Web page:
Always some have wagged their heads, unable to see it. A man reveals God—how can it be? One dies for all—instead of all! Redemption is provided! The law of karma they could see, but not lawless forgiveness. Works they could figure out, but not grace. A bloody religion, that’s all, with a murder at its middle. To the Jews a stumbling block and to the wise ones foolishness. O the offense, the scandal of it all!

But wait! Its secret does get out. Young and old do believe. Even if it opposes what a rationalist would figure out, it is true after all. The blind do see and the lame walk. Sinners are transfigured. And God puts a glory in their souls, a song in their hearts, a word of witness on their tongues, and a map—a world map—in their hands. They fan out in every direction, to every part. For they cannot but speak of something so utterly real to them.

Such as this is a scoop, sure enough. It is big news and must be told—front page, headline, byline and all. Our listeners hear from Moscow and London and Washington through men appointed for that work. Come Sunday they need to hear—they must hear—from Calvary. But there is more. Much more.

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Hope had grown corpse-cold for the apostles. Bewildered, disillusioned, morbid in memories—it was the end. What was left for them? Fishing, perhaps; certainly chagrin. Had not their Lord been crucified on a Roman cross and buried?

Entombed and sealed in, with a heavy stone rolled against the door and an armed guard sitting about, Jesus had had a seeming checkmate. Yet he vacated that tomb and became the perennial contemporary.

The Resurrection Theme

To a man the New Testament writers believed he had risen. Of that event James Stewart writes, “This was indeed the very core of the apostolic kerygma.… It was the theme of every Christian sermon; it was the master motive of every act of Christian evangelism; and not one line of the New Testament was written … apart from the conviction that he of whom these things were written had conquered death and was alive forever” (A Faith to Proclaim, pp. 104, 105).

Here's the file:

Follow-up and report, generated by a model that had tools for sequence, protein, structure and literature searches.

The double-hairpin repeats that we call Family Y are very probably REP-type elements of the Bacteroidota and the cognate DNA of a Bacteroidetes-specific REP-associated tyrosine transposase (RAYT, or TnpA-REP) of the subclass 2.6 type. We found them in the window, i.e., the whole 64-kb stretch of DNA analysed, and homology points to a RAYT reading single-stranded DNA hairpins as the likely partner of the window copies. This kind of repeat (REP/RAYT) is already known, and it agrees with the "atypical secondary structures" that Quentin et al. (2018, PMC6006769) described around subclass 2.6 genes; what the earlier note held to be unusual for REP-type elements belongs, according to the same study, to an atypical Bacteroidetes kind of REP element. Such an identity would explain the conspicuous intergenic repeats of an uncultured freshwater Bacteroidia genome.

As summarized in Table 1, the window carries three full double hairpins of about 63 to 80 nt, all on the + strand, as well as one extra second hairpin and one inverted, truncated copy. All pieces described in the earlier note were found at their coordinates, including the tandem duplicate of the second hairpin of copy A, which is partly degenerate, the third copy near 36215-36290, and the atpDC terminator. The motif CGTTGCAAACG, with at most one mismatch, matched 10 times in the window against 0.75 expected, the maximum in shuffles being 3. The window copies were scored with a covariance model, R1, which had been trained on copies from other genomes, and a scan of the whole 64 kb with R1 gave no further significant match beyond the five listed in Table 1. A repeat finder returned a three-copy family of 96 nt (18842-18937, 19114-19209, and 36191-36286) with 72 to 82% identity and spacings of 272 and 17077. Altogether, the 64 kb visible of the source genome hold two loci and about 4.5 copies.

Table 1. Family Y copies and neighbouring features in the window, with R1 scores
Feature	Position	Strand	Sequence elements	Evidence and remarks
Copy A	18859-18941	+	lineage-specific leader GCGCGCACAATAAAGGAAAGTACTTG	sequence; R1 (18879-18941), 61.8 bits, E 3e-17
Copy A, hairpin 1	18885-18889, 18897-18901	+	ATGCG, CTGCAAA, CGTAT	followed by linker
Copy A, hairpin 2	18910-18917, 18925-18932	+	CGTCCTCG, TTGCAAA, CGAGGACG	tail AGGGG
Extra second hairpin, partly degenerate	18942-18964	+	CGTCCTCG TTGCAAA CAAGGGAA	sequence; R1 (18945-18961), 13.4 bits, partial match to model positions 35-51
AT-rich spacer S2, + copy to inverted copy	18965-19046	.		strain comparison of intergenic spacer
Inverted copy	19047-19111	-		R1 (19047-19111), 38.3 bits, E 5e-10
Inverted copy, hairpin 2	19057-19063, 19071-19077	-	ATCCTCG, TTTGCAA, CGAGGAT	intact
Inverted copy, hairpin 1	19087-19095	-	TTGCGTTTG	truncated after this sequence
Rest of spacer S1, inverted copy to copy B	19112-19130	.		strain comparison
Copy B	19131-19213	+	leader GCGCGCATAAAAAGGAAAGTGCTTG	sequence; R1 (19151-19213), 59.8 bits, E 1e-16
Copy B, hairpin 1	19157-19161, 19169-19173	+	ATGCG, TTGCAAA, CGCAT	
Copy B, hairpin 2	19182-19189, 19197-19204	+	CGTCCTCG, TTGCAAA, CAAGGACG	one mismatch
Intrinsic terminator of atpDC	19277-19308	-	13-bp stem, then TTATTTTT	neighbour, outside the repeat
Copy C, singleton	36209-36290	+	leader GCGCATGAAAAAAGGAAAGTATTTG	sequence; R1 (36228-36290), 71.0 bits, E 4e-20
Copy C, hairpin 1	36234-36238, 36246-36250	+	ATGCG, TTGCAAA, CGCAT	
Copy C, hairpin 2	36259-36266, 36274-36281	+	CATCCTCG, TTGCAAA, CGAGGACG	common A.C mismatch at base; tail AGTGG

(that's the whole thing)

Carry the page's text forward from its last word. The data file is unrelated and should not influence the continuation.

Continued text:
Had he not appeared to the Marys and Salome? to those two disheartened ones along the country road there; to the eleven; to above five hundred; and later to Saul, man-eating tiger from Tarsus? Certainly he had. And many blessed ones on through history’s jaunts have believed, not having “seen” in that same way. The Sadducees have had no continuing citadel!

It means something to them, too. He indwells them. And they take assurance with what they find in Hosea: “O death, I will be thy plagues.…” (13:14). Because he lives, they will live also—abundantly here, and aboundingly there.

The Resurrection packed the Incarnation and the death chock-full with continuing meaning. It is integral to the whole redemptional scheme. So with that footing in history and with the smashing by men bent on sin, this enlivening has to be told. “Go … tell …” was the commission to those first women witnesses. Surely that is the word also to the Christ announcers in our time.

Nothing Less Than Gospel

A now tottering liberalism taught that man is inherently good, a god writ small—that there is nothing wrong with him that “a little bicarbonate of soda wouldn’t take care of” (Bulkley, Christian Century, Nov. 21, 1956). Walter Rauschenbusch took that sort of view in his earlier works, but made a distinct change by 1917 in his lectures at Yale, A Theology for the Social Gospel.

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Others too, such as Karl Barth, have made an about-face, so that now most will agree with Edwin Lewis that there is a radical disharmony at man’s center. It is true that the new doctrines of man’s sinfulness are in modern dress. For example, many join with Reinhold Niebuhr in denying that the Fall was historical. Yet it all means that modern man is facing up to his sinfulness—to the built-in kind and the kind you obtain later. To us who preach it means that we can never simply moralize any more, for that might further entrench sinners in their smugness. It will take no less than the preaching of the Gospel of Christ, “which is the power of God unto salvation to every one who believes.”

J. Kenneth Grider is Associate Professor of Theology at Nazarene Theological Seminary in Kansas City. He has held pastorates in Missouri, New Jersey and New York, has taught at Pasadena College and at Hurlet Nazarene College, Glasgow, and studied at Trinity College, where he received his Ph.D.